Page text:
by Howie Stalwick & r & Jerome Harrison was a three-sport star in high school. Put up better rushing numbers than Jackie Robinson at their junior college. Ran the ball superbly much of last season at Washington State. All that, and Harrison still can't get over the fact that when they were growing up in Kalamazoo, Mich., his two older sisters beat him in every game and sport imaginable.

"I couldn't beat them at nothin'," Harrison admits. "At the end of the night, when the street lights came on, I would go in the house and pout. Every night. Every night. I did my little push-ups and sit-ups and I would say, 'One day..."

Krystal and Kandice, be forewarned: Li'l brother is all grown up now. He's 5 feet, 10 inches and 200 pounds of speed, muscle and moves that can fake defenders out of their undergarments.

Just as importantly, Harrison says, he's back to being his omni-confident self. He flatly states that he's gunning for the WSU single-season rushing record, one year after getting punked in a rude introduction to big-time college football.

"I couldn't believe it at first, the speed of the game," Harrison says. "I was just like, 'This game is moving 110 miles per hour. I'm only movin' 60.'

"I was so overwhelmed. I was just in shock. It's something you always dream of, playing with the big boys on TV. Then when you get here and put your foot in the door it's like, 'Hmm.'

"It's like you're thrown in a whirlwind ... I wasn't doubting myself, but I was just like, 'These are grown men out here. They take this game a little serious.'"

Opponents are taking Harrison plenty serious after he averaged 172 rushing yards in his final three games last season. He finished the year with team highs of 900 rushing yards and nine rushing touchdowns.

That's mighty impressive for a guy who had just 11 carries for 36 yards and one score in the first three games and who didn't start until the last five games. Harrison made honorable mention All-Pacific-10 Conference with the help of a 247-yard, three-touchdown effort at UCLA, where he set a WSU record with 42 carries.

"He's got great peripheral vision," WSU head coach Bill Doba says. "He sees the cut-back, bounces back outside. It just takes a little crease about eight inches wide and he can turn his body and get through it and get those two or three extra yards. He doesn't get hit hard because he's elusive."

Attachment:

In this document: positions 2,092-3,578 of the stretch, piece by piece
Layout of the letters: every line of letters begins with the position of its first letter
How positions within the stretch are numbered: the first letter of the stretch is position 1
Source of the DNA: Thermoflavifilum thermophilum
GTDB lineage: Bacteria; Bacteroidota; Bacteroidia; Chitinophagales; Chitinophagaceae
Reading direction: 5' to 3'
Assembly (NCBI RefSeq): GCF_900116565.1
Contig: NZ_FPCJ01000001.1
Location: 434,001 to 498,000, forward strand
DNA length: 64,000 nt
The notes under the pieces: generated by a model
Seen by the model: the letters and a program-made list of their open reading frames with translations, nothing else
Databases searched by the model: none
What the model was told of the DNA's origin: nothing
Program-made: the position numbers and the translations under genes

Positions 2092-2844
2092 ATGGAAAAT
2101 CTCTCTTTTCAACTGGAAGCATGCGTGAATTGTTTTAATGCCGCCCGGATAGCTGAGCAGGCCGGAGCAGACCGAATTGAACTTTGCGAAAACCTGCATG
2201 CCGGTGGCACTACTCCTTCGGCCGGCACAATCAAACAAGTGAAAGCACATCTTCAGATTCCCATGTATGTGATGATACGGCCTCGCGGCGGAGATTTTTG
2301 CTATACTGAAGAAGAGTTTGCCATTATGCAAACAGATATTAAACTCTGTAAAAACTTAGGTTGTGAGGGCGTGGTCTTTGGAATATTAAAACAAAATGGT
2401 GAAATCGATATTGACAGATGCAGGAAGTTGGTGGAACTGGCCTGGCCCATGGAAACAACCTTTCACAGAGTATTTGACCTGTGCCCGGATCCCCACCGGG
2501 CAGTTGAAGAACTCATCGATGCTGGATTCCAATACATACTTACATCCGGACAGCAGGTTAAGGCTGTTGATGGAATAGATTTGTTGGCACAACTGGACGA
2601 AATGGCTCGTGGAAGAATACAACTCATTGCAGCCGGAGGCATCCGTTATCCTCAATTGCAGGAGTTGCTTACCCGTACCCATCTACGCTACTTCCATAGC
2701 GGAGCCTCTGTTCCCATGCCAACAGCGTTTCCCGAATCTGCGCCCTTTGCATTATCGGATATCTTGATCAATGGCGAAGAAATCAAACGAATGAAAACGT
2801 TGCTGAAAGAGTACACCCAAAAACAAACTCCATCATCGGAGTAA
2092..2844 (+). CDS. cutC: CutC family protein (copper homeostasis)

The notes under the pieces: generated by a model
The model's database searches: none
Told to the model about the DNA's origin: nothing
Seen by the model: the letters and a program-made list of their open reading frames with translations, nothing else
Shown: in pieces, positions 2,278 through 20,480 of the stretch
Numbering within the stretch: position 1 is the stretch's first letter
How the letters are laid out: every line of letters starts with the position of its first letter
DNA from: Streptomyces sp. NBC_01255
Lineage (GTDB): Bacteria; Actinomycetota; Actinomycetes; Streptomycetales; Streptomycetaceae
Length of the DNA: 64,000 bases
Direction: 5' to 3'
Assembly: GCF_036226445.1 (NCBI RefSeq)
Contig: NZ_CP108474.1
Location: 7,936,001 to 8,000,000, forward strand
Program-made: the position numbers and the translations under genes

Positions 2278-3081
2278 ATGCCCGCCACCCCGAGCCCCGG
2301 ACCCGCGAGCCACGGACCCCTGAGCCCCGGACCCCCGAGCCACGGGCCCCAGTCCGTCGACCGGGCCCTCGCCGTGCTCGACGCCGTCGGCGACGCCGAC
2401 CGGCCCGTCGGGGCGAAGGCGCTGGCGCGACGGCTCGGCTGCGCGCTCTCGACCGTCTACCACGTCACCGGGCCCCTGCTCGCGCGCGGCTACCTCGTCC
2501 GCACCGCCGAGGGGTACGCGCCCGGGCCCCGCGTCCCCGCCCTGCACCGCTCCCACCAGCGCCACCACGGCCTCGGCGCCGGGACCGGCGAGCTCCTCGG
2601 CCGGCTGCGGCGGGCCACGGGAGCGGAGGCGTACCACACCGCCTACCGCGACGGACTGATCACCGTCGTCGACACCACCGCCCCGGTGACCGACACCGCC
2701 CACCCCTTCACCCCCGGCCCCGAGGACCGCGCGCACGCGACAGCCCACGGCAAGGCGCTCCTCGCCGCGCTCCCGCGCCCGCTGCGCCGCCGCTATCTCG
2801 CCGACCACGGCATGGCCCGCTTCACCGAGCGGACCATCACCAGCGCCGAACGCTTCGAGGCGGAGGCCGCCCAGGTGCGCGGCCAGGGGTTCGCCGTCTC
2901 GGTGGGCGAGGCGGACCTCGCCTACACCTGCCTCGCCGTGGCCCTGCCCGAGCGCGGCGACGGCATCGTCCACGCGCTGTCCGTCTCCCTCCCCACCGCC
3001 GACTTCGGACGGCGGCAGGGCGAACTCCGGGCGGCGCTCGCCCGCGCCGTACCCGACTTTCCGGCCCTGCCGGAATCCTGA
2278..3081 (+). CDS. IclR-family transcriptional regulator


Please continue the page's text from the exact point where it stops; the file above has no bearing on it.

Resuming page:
Harrison has always been hard to catch, whether he was running in football, gunning in basketball or running in track. The son of former Western Michigan running back sensation Jerome Persell (and mother Debbie, who was a high school All-American in basketball), Harrison ran for 2,338 yards and 31 touchdowns his senior year at Kalamazoo's Central High School. That's the alma mater of New York Yankees star Derek Jeter.

An honorable mention All-American in football, Harrison was a high-scoring guard in basketball ("I was a gunner"), and he ran on a 400-meter relay team that set a state meet record. He drew throngs of major college recruiters in football and basketball before settling on football at Eastern Michigan ... for one unhappy redshirt season.

"Too close to home," says Harrison, who was academically ineligible as a freshman. "I was spending too much time at home, not studying."

That led Harrison to Pasadena City College, where he worked in the equipment room to help pay for school (since Pasadena, like most California junior colleges, doesn't offer athletic scholarships). Consecutive 1,000-yard seasons -- Robinson had only one year as a four-sport standout at PCC -- attracted recruiters from such football heavyweights as Oklahoma, LSU, Georgia, Boise State, Utah and Colorado.

However, the affable Harrison says the friendly people at Washington State and the peace and quiet of Pullman quickly won him over.

"During the week, it's really quiet," says Harrison, an ethnic studies major. "It allows you to be a student. I really like that."

Harrison, who seemingly wears a smile 24/7, raves about his teammates ("I'm surrounded by great athletes"), running backs coach Kelly Skipper ("Great coach"), offensive line coach George Yarno ("My favorite coach"), his parents ("I'm blessed"), his siblings ("My three sisters are amazing") and his girlfriend of eight years, Shayla Brown ("We've gone out since the second week of high school").

"He's just a really good kid," Doba says. "He's a good leader. He's not afraid to stand up at a meeting and tell people what he thinks."

"I'm just in awe at how far he's come," says his mom Debbie. "We're just so proud."

His girlfriend recently graduated from Jackson (Miss.) State -- "She had a 3.4 GPA," Harrison boasts -- so she's moved to Pullman. Harrison hopes the couple is on the move again next year, because he wants to play in the NFL after topping 1,800 yards rushing this season and breaking Rueben Mayes' school record of 1,637 yards.

"I'm bigger, faster, stronger," Harrison says. "I'm reading blocks quicker, reading defenses a lot quicker."

As long as his sisters Krystal and Kandice aren't lined up on defense, he should do just fine.

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